In the Garden

Cultivating Well-Being

The therapeutic power of horticulture for older adults

In recent years, horticultural therapy has gained recognition as an effective practice for improving the overall well-being of individuals across various age groups. One demographic that can benefit from this therapeutic practice is older adults. As adults age, they can experience physical, memory, cognitive, and socialization challenges. Horticultural therapy can help teach new skills or regain those that may have been lost and improve memory, task initiation, physical strength, and coordination. 

According to one of our community partners, Katerina Velasco Graham, horticulture extension agent at Texas A&M AgriLife, “Gardening is proven to be an economically sound, nonpharmacologic intervention that can treat health conditions common to older adults, decrease the incidence of obesity and sedentary lifestyle, prevent cognitive decline and depression, encourage social integration and improve successful aging, all while decreasing the cost of health care.”

Gardening 1814 WA few benefits of digging in the dirt can positively impact an individual’s overall health and quality of life. Here are a few examples:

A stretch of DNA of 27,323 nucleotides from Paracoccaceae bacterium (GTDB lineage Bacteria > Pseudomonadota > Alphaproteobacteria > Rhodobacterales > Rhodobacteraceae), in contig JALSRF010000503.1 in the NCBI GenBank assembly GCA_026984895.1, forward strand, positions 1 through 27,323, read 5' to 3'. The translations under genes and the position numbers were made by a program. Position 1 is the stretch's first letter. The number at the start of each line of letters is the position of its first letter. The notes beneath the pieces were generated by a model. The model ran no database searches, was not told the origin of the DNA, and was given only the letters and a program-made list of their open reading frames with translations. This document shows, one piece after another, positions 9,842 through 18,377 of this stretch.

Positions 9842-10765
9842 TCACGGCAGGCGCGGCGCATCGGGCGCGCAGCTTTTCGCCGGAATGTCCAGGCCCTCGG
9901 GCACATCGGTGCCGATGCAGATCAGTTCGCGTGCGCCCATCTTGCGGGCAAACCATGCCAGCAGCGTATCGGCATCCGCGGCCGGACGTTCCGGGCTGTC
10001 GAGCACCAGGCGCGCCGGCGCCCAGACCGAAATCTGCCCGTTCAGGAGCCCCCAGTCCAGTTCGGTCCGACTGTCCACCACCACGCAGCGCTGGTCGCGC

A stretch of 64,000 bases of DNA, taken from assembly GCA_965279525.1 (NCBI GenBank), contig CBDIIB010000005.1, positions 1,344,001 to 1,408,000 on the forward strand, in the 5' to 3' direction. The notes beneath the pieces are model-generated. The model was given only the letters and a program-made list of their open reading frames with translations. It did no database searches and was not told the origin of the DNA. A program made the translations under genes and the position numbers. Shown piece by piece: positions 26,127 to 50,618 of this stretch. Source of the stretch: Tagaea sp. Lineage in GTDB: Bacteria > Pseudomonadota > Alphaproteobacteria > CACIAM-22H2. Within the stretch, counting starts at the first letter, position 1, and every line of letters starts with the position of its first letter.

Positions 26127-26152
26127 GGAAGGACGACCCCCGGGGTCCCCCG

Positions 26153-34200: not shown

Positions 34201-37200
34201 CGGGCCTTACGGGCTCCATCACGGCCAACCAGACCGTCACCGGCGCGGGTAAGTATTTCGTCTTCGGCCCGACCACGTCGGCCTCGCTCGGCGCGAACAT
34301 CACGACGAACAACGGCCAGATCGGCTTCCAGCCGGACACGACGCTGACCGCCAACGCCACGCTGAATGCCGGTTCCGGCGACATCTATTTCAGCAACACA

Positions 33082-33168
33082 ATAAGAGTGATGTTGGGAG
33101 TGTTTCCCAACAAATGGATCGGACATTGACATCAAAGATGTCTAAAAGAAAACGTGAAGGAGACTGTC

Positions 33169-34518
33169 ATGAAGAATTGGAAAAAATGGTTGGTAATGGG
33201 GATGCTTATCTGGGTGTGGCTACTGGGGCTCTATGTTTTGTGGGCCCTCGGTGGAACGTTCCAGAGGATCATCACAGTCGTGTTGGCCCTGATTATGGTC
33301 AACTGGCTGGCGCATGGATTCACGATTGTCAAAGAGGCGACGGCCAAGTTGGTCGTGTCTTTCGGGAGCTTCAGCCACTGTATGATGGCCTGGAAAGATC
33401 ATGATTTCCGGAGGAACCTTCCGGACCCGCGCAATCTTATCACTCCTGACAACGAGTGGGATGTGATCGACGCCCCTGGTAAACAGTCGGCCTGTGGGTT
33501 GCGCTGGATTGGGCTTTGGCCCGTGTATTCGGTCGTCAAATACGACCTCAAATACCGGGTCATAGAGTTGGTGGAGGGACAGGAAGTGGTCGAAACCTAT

• Enhancing Physical Health: Gardening activities such as planting, weeding, and harvesting involve motor skills and physical movements that can improve strength, coordination, and flexibility. The gentle physical activity associated with horticultural therapy can help older adults maintain or improve their mobility, joint function, and balance. Additionally, exposure to natural sunlight stimulates vitamin D production, essential for bone health, and helps prevent certain age-related conditions like osteoporosis.
  • Cognitive Stimulation: Horticultural therapy encourages cognitive stimulation, making it an ideal activity for seniors seeking mental engagement. Gardening tasks require attention to detail, problem-solving, and planning, which can enhance cognitive function and help maintain mental acuity. For seniors at risk of cognitive decline, horticultural therapy can serve as a protective measure, reducing the likelihood of conditions such as dementia and Alzheimer’s disease. The sensory experience of working with plants also stimulates memory recall and provides a soothing environment for the mind.
  • Emotional Well-being: The emotional benefits of horticultural therapy for seniors are profound. Nurturing plants and watching their growth fosters a sense of purpose, accomplishment, and self-worth. The therapeutic environment of a garden or greenhouse offers a calming and peaceful atmosphere that reduces stress and anxiety. Connecting with nature through horticultural activities can also improve mood, alleviate symptoms of depression, and promote overall emotional well-being. Seniors may also find solace and enjoyment in the social aspects of horticultural therapy, such as participating in group gardening activities or sharing their gardening experiences.